Can you name those TV shows from the 1960s and early 70s? They were absolutely some of my favorite programs, and like so many Americans, I fell in love with the romance and lore portrayed in the westerns. However, unlike most Americans, I never grew out of the fantasy world. Who wouldn’t want to be rescued by Heath Barkley in your time of distress?
So our stretch of the trip as we left Arkansas through Oklahoma, the Texas Panhandle, and New Mexico into Arizona was a lot of fun for me. Throughout the drive, I imagined life as a pioneer woman, trading in my east coast parasol and bustle for a sun bonnet and calico dress, and my carriage for a covered wagon as I traversed the rugged terrain in search of a better future. I imagined that riding and roping had been a part of my youth and my evenings were spent doing the do-si-do and the allemande left before I promenaded home; I imagined that instead of a closet of snow boots, I had a closet of cowboy boots, the tall, rich, embellished leather ones, not just the starter boots I call my short little wannabes; I dreamt of names for my ranch, and what my branding iron would look like. Across four states, I mentally released my inner cowgirl, and it was fun.
The landscape changes along the way were as dramatic as the lives the early pioneers would have faced as they traveled west. Oklahoma – “where the wind comes sweeping down the plain…” is as flat and expansive as I’ve ever seen. This continues into the Texas panhandle and Amarillo is considered one of the windiest cities in the country. There are simply no trees or hills to break up the breeze.
New Mexico’s mesas were brilliant in color and texture. From afar, the massive flat topped mountains looked like they were cast with a heavy five o’clock shadow, but up close, you could see the scrubby shrubs dotting the orange and red and sand colored layers of rock. Shadows from the clouds in the brilliant blue sky added more drama to this display of nature’s beauty.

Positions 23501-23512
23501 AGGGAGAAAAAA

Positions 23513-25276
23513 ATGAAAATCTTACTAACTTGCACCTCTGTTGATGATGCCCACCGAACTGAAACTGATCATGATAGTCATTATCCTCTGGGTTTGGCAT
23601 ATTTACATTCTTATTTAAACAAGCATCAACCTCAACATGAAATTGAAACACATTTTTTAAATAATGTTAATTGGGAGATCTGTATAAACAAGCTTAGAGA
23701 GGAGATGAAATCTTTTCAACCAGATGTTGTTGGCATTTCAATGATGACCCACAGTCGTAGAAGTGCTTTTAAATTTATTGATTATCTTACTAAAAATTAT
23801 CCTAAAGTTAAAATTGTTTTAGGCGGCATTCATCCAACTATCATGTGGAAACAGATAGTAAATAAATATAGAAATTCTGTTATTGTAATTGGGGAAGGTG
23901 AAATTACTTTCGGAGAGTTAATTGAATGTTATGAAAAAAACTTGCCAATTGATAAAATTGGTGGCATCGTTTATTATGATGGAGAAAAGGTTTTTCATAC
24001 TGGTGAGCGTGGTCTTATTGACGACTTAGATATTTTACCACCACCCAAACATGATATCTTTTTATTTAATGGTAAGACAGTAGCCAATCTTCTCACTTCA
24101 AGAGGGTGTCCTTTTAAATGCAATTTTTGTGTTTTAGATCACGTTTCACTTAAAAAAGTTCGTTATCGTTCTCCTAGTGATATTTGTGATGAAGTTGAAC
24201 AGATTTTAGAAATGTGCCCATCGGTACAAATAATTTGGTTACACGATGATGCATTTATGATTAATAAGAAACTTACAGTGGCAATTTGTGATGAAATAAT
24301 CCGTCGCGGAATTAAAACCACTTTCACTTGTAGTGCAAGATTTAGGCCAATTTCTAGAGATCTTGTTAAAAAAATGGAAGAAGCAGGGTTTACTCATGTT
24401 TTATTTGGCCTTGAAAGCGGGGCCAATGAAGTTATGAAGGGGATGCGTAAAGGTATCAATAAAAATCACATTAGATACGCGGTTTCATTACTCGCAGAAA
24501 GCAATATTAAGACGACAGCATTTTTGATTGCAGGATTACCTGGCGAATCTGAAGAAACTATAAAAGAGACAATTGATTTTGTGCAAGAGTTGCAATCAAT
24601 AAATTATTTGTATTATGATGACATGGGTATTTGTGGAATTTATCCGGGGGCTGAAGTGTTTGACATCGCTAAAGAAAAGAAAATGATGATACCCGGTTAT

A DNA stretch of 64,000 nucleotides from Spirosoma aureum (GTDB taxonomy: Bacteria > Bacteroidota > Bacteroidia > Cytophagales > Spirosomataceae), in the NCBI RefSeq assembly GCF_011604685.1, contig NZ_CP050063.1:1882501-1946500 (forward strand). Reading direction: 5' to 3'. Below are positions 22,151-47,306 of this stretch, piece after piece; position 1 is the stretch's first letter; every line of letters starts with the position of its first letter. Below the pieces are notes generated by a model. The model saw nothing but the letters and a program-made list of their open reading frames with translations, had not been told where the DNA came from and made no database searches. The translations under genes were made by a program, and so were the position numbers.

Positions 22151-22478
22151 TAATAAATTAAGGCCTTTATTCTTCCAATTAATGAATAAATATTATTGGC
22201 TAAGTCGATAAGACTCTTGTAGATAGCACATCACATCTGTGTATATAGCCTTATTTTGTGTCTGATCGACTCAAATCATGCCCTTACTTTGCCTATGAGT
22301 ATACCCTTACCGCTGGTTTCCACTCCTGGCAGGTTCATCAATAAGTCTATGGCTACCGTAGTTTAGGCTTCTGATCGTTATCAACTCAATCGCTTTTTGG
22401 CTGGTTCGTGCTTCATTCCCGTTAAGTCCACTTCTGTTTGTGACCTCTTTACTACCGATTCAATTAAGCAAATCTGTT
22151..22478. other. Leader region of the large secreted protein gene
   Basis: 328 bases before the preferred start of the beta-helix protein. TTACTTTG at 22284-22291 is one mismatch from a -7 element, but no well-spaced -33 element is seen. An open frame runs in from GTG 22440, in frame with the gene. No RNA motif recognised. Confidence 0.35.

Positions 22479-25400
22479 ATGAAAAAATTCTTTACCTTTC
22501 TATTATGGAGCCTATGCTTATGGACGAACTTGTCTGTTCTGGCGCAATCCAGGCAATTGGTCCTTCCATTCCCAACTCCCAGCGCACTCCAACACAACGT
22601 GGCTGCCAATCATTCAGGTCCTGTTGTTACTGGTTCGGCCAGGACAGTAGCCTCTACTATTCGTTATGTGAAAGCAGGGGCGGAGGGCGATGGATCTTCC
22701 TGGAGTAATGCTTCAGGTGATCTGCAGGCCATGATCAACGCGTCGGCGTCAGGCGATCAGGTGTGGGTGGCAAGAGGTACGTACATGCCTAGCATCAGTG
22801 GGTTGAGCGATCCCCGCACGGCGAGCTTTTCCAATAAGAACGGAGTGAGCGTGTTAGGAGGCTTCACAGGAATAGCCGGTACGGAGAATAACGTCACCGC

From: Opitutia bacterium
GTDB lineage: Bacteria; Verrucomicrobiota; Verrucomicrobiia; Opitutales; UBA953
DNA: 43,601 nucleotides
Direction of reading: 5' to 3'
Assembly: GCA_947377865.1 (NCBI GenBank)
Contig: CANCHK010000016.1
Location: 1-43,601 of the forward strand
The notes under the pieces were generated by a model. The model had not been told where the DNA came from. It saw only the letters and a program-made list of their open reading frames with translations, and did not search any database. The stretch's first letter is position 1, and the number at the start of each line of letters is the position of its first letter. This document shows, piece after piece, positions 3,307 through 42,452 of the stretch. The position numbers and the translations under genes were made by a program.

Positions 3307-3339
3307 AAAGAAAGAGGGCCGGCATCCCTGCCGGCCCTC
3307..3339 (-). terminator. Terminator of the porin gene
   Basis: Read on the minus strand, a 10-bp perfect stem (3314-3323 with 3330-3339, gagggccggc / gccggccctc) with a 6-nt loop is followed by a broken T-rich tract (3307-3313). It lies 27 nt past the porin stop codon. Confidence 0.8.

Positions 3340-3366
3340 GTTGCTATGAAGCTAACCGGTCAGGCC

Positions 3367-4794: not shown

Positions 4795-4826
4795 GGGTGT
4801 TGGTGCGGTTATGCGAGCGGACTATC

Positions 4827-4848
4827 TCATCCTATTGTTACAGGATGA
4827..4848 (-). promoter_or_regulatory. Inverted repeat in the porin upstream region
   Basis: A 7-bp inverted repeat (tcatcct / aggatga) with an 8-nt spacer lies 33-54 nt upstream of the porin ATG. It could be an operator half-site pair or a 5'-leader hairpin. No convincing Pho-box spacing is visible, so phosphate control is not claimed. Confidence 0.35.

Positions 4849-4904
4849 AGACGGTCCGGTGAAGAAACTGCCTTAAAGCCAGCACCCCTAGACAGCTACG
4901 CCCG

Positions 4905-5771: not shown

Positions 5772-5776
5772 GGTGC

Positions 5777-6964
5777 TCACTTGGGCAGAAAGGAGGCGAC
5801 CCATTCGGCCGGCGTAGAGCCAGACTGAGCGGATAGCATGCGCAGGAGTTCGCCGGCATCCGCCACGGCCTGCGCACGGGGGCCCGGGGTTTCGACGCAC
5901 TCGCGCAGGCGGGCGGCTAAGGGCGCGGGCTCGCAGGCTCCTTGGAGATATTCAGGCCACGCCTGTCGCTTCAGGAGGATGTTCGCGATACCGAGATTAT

As we moved into Arizona, the hills and mountains wrapped Flagstaff in a lush green, and as we descended 6000 feet from Flagstaff to Phoenix, we were continually impressed by the raw beauty of the area.
More than one thousand miles of this stretchwere on Interstate 40, a truck infested part of our American road system that runs from Wilmington, NC to Barstow, California. This was also the old Route 66 and it was fun to stop and visit with James Dean, Marilyn Monroe and of course, Elvis, at the travel centers along the way.
Oklahoma City was my favorite with visits to the National Cowboy Museum, and the museum and memorial dedicated to the 1995 bombing of the federal building that killed 168 people. We also had dinner at the legendary Cattlemen’s steakhouse on the edge of the stockyards, and continued to shop for boots for Kathy, which were eventually found in Gallup, New Mexico.
|History is so different throughout the country. We had great lessons about the Trail of Tears
and the Chisholm Trail. http://www.history.com/topics/native-american-history/trail-of-tears
The trip was uneventful until we discovered Kathy had left the fudge 3 states back in Arkansas. We forged on. Santa Fe was delightful, but I have no room for all of that art and no money for all of the jewelry. As quaint as it is, and even with the art show going on, it still wasn’t my favorite stop. Maybe it was the crazy, ridiculously over-priced organic eggs we had at the silly little café; glad we didn’t order the ones sprinkled with trout!
And now, we continue to relax in Sun City, Arizona for a few days. The purpose of the trip was to transport a load of household items for a family member who has purchased a home here and it’s wonderful to explore this beautiful area and feel the warmth of the sun we missed this summer. And sit in an air conditioned home realizing I couldn’t have made it for a minute as a pioneer woman. But I can have fun thinking about Heath and the life we could have had together out on the plains.
Note: I’ll have more photos at a later time. Too many technology challenges where I am staying.